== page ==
For Writers

If you have had a book in the back of your mind—fiction or nonfiction—and/or you believe God has called you to write a book, don’t let fear or intimidation stop you from making it happen. There are a multitude of books, courses, and organizations that can help hone your craft and get you started. Take advantage of them and seek out seasoned professionals who can advise you along the way. Every successful writer I know continually seeks ways to grow their craft by reading books on improving their skills, searching out advice from other writers and professionals, attending courses and workshops, and reading other authors in their genre. Below are some of the resources I suggest:

Books on My Bookshelf

  • Writing Deep Viewpoint by Kathy Tyers 
  • Deep Point of View by Marcy Kennedy 
  • Stein on Writing by Sol Stein 
  • Save the Cat! By Blake Snyder 
  • Plot and Structure by James Scott Bell 
  • Self-Editing for Fiction Writers by Renni Browne & Dave King (2nd Edition) 
  • The Emotional Craft of Fiction by Donald Maass 
  • Writing the Breakout Novel by Donald Maas 
  • The Emotion Thesaurus by Angela Ackerman & Becca Puglisi 
  • Writers Market  

Professional Networking Organizations

  • American Christian Fiction Writers 
  • Romance Writers of America 
  • Regional and Local Writers Networks 

Courses I’ve Taken

  • Immersion Master Class, Deep Editing Power by Margie Lawson 
  • American Christian Fiction Writers Conference Workshops 
  • The Creative Way by Ted Dekker 
  • Colorado Christian Writers Conference Workshops 
  • Christian Writers Guild, Jerry Jenkins 
  • Screenwriting by Trai Cartwright 
  • How to Succeed in Hollywood Without Losing Your Soul—Dr. Ted Baehr founder of and the Christian Film and Television Commission®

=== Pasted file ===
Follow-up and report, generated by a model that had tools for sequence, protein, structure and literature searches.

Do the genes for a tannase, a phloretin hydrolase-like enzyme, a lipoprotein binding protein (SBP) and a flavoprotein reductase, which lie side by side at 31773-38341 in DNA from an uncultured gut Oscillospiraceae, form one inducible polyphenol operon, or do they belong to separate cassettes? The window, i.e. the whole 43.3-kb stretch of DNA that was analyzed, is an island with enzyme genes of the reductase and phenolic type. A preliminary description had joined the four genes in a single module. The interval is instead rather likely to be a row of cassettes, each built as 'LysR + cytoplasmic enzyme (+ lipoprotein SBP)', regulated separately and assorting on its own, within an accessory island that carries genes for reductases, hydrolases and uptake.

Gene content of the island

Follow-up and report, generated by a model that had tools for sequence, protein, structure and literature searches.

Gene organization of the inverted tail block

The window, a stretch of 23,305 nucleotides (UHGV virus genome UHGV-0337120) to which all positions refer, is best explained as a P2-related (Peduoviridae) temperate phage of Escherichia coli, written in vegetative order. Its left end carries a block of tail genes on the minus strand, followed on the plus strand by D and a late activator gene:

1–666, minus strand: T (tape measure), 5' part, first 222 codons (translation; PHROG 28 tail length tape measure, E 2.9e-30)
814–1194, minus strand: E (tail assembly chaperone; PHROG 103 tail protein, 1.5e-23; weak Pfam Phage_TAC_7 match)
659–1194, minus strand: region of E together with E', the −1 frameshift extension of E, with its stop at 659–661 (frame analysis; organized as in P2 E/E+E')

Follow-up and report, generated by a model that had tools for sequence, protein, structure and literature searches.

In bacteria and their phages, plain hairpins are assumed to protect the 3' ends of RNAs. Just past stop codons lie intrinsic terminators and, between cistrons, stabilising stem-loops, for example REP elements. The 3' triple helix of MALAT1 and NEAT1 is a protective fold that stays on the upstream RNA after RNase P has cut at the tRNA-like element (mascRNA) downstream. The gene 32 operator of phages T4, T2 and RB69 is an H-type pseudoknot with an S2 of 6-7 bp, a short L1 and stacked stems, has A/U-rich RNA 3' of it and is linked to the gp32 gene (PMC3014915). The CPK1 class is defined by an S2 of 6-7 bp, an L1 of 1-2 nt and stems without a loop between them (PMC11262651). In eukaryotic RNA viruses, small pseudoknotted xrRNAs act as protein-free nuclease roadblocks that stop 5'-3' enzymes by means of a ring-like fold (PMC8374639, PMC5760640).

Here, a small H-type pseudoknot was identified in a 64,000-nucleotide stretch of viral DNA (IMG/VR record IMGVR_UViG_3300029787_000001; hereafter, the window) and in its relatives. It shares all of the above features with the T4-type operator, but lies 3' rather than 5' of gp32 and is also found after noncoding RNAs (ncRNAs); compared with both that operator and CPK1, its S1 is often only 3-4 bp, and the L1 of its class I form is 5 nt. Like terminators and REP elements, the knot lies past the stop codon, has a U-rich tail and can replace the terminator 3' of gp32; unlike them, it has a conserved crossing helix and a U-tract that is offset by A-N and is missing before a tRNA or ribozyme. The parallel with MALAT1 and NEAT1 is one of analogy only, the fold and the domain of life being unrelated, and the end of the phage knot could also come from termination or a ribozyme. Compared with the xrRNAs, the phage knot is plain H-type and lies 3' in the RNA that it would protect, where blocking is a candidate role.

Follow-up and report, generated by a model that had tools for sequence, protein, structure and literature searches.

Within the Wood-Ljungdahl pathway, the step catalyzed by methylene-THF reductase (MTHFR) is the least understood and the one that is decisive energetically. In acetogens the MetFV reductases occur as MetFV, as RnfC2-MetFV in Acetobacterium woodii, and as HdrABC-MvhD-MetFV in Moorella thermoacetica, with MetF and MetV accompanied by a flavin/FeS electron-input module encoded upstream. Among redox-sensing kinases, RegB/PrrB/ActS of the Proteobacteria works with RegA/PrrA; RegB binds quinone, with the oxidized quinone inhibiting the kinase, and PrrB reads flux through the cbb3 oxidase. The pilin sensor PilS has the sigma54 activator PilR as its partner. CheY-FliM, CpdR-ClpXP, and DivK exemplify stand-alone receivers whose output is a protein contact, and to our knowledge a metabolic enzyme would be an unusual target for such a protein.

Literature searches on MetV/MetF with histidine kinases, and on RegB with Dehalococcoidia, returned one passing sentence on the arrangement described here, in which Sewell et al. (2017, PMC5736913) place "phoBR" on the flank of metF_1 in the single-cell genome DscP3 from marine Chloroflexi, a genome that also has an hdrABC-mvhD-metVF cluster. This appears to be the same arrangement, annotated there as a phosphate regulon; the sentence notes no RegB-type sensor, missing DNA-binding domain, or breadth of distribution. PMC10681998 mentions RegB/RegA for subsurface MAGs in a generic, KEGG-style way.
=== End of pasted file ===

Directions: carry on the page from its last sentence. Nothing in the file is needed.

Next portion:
Resources Other Writers Have Recommended

  • Susan May Warren’s Writers Coaching and Novel Academy

Advice From Seasoned Professionals

  • To be a writer, you must write. Even if you have a busy schedule, make time every day to practice your craft, even if you can only find ten or fifteen minutes. At the end of the week, ten minutes turns into 70 minutes and fifteen turn into almost two hours. 
  • Take the time to read authors in the genre you write often. You can only gain a wealth of understanding of your genre if you see it on the written page by well-known and respected authors.
  • Write in the genre you love. If you like to read historicals, perhaps that’s the best genre for you to write in. If you love a cozy mystery, write a cozy mystery. Many writers think they have to write what’s currently hot on the market. Truth is that what is hot on the market today, will die a cold death tomorrow. So, let the words on the page draw readers to you rather than trying to fit yourself into skin that doesn’t fit you.